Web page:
Daycare or Nanny? Use This Checklist to Help Make Your Childcare Decision

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Spending time with your little one is the best part of being a parent but unfortunately, we can’t always be there to watch our kids. When looking for someone else to take care of them, you want someone you can trust and the number of options can be daunting. However, by carefully weighing your needs and the needs of your child against the factors that affect your decision, you will likely be able to make an informed choice.

You’ve probably considered a daycare, nanny, or maybe a family member but which option is best for your family?


What to Consider in Your Search for Childcare

Cost: It’s likely that the number one consideration when seeking the best childcare option for you family is also based on your finances. There is no getting around the fact that childcare is excessively (even prohibitively) expensive. Studies show that while the U.S. Department of Health and Human Services quotes a healthy cost for childcare to represent 10% of the income of a family, the average cost can be significantly higher.

In places where childcare is the most expensive, like Washington D.C. for example, care can cost an average of $3,000 a month and families spend more to the tune of 25% of their annual salary. Making a budget is crucial. As you begin to plan financially for childcare, make sure you take into account your eligibility for tax credits. While the Child Dependent Tax Credit will not cover all of your expenses, it may allow you to find a more desirable option within your means.

Schedules: If you need someone to watch your child at regular times everyday while you are at work, a daycare may be a less expensive and more clear cut option for you. If, on the other hand, your work schedule tends to be a bit more flexible, or if you only need a couple of hours a day covered, you may want to lean further toward a nanny situation.

Environment: You know your child best and understand if they will thrive in a social atmosphere or if they will feel overwhelmed. This may play into your decision. Take into account the environment you want your child to grow up in and determine your ideal scenario.

To help you compare each of your childcare options, use a checklist to aid in your search and be on the lookout for all of your necessities (and red flags).

The Pros and Cons of Daycare: 

If you’re considering daycare there are positives and negatives you’ll want to run through.

Benefits of Daycare:

  • Costs are generally less than what a nanny would charge.

  • Daycare encourages socialization with other children which is important for development.

  • Curated activities are generally part of a daycare situation including educational toys, games and field trips.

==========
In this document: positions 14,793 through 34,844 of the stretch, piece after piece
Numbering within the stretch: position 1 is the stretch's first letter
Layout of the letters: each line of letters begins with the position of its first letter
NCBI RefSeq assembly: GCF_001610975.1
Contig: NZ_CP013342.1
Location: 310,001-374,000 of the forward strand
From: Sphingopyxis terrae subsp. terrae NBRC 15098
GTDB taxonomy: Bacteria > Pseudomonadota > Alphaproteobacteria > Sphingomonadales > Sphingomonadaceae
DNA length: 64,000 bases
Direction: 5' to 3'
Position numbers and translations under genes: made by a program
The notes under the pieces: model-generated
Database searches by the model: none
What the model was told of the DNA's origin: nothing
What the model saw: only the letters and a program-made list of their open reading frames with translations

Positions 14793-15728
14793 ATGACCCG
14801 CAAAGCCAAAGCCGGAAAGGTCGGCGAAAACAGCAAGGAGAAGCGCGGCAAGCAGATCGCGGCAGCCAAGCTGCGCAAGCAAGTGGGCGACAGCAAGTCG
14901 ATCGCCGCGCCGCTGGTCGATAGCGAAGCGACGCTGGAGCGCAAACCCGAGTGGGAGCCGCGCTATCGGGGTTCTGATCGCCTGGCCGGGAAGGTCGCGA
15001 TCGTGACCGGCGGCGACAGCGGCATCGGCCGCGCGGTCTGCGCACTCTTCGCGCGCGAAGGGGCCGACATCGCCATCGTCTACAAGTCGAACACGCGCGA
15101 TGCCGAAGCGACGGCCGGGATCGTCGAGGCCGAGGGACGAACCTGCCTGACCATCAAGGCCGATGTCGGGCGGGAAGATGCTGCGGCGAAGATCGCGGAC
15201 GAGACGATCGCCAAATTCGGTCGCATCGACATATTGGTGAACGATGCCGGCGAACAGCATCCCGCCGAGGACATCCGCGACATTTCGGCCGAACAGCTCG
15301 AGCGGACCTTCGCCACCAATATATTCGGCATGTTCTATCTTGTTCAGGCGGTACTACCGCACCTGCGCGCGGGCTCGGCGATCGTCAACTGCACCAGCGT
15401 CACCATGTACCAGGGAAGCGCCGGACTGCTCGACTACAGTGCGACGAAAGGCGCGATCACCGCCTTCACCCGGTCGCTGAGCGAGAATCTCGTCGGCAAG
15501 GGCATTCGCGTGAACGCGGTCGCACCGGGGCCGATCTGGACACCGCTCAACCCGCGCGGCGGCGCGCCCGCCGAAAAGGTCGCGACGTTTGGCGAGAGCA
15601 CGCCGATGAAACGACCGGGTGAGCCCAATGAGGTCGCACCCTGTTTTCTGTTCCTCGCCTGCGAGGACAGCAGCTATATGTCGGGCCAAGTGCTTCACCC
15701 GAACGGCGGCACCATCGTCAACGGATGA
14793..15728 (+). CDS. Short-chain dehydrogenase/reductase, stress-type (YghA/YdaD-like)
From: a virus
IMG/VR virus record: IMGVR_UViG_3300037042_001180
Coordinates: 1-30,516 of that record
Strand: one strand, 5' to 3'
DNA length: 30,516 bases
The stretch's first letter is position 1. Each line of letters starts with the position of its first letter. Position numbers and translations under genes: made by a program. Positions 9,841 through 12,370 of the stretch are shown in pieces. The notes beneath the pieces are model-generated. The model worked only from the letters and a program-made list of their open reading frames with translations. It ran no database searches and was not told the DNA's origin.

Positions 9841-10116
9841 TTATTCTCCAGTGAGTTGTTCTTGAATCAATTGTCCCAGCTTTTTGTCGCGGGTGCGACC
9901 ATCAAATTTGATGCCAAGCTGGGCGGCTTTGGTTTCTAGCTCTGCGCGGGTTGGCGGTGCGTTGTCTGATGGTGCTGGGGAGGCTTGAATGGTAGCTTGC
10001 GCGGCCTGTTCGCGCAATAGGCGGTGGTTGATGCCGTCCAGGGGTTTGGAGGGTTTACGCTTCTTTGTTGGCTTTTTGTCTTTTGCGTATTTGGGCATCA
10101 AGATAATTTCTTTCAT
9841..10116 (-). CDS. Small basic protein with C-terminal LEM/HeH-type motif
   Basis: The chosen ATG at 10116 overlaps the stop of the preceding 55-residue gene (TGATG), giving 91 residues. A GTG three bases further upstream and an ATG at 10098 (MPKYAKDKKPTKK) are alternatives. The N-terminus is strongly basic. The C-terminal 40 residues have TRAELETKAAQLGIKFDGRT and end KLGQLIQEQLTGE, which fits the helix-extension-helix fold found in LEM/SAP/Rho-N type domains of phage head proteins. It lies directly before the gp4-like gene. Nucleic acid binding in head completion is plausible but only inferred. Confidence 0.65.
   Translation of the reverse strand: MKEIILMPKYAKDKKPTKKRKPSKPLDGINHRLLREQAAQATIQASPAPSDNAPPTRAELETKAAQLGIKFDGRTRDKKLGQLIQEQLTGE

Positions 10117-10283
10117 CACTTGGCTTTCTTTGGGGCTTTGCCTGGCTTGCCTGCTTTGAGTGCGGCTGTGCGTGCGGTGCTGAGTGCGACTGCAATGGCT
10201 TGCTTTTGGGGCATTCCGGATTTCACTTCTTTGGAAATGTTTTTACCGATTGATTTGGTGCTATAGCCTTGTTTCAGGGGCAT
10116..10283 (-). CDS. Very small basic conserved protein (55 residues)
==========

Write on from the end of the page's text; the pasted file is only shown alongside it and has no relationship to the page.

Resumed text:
• Government accreditation can be a good indication of a daycare that is well managed and has to conform to cleanliness, class sizes and general safety standards.

  • A number of teachers mean that if a staff member gets ill you can still receive care, also it’s likely that staff members have training in child development.

  • Daycare may have many reviews that give you a sense of ease that it is reliable.

Some Disadvantages of Daycare:

  • There are more germs to be exposed to, meaning the cycle of sickness comes earlier and can infest the whole household.

  • Daycares usually have strict hours and therefore if your job is less predictable, you may have difficulty with timing.

  • The greater the number of children at daycare the less individualized attention your child may have. This means that more accidents are possible and it can be more stressful for your child.

The Pros and Cons of Hiring a Nanny:

While daycare has certain conveniences that make it favorable, sometimes a nanny makes more sense. That said there are negative aspects to nanny care as well.

Benefits of a Nanny Include:

  • Personal individualized care for your child which leads to an improved sense of attachment for your child to the caregiver.

  • Staying in a familiar environment where you can control safety, food access, and other aspects of your child’s care.

  • Flexibility that might allow you to have a more erratic schedule or be able to use the same person when you need an evening off as well.

Some Disadvantages of Having a Nanny:

  • If your nanny is ill it’s likely that you’ll need to call a backup option or stay home.

  • Recommendations may be fewer than with daycares as even an experienced nanny may have only worked with one or two families.

  • Nanny care can be costly.

  • Having to manage an employee can be a little trying, including keeping up with payments, sick time and vacation days.

Ultimately, you have to balance your options and see what makes the most sense with your budget and what your childcare needs represent. This checklist plus asking around, doing your research will help provide all the information you need to make the right decision for you.

I declared my dream of being a mom at the age of five years old on my kindergarten graduation day when answering the age-old question "what do you want to be when you grow up?" Many years later, it still seems like the best job in the world.